One of the most striking and troubling patterns in the US economy in recent decades is the "declining labor share: that is, the pattern that the share of the value of output (in the nonfarm business sector) that goes to workers in the form of compensation, which includes benefits as well as wage and salary compensation, has been dropping. The labor share was typically in the range of 63-65% from the 1950s into the early 1970s. By the 1980s and 1990s, it was more often falling in the range of 61-63%. In the early 2000s, it fell below 60%, and since the end of the Great Recession in 2009 it has typically been between 56-58%.
Timothy goes on to summarize a Bureau of Labor Statistics article by Michael D. Giandrea and Shawn A. Sprague in the February 2017 issue of the Monthly Labor Review.
Here's the section of Timothy's post that I found most interesting:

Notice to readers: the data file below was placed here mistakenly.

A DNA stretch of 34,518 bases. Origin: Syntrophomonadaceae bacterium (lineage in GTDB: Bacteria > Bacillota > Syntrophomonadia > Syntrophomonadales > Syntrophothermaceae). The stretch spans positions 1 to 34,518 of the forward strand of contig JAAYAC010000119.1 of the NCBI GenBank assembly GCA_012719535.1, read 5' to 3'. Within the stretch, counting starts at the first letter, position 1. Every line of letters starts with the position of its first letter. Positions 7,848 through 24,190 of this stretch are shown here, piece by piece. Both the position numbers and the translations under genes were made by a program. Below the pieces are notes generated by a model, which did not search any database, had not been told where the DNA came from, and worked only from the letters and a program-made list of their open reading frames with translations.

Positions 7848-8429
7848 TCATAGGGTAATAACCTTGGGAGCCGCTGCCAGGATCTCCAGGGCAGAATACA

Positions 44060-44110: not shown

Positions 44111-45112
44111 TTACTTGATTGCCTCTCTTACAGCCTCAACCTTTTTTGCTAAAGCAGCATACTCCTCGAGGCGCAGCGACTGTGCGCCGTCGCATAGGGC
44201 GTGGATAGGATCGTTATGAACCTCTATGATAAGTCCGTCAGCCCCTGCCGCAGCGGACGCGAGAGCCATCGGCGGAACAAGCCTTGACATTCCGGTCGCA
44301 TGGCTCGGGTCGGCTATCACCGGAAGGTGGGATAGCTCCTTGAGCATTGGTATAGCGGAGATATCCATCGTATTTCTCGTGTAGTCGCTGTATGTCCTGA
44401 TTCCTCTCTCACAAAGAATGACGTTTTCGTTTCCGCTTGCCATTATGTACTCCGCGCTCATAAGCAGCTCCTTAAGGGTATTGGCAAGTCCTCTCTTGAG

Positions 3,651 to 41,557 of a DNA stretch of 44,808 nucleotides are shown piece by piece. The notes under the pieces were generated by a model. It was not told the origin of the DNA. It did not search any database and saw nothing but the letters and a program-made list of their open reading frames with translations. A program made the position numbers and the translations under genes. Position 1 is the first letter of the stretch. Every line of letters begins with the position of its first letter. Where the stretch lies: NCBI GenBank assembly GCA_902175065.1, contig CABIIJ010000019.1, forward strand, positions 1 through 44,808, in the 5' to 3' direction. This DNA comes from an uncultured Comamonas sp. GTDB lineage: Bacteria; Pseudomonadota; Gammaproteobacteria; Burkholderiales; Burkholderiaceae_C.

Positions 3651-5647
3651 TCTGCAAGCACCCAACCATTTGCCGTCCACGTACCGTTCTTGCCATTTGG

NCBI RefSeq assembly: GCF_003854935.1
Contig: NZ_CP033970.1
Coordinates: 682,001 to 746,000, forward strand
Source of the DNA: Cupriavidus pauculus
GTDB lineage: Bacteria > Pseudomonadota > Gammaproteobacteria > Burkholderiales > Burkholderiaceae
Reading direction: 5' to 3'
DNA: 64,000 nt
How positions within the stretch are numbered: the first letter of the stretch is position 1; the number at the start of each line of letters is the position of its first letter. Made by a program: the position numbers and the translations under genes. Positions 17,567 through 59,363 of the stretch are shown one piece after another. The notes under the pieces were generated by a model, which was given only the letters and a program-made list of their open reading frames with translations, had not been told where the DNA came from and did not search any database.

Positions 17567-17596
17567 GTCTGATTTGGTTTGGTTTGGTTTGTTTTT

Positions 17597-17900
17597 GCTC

The underlying assumptions about "proprietor income" are biasing the labor share calculations.
The calculation of labor share involve adding compensation received by employees to "proprietor income," which is the labor income received by those who run their own business. However, proprietor income is conceptually tough to measure, because someone who owns their own business can receive both "labor income," as if the person was an employee of their own business, and "capital income," as the owner of the business. In the real world, these two types of payments are jumbled together. To address this issue, the Bureau of Labor Statistics has assumed that the hourly labor compensation of proprietors is the same as that of employees. However, if the labor income of proprietors is actually rising over time, then this assumption means that the labor share is understated. One study finds that about one-third of the observed decline in labor share is due to this assumption that the hourly labor compensation of proprietors is the same as that of employees, rather than using an alternative method that tries to estimate the capital income of proprietors directly. (bold and italics in original)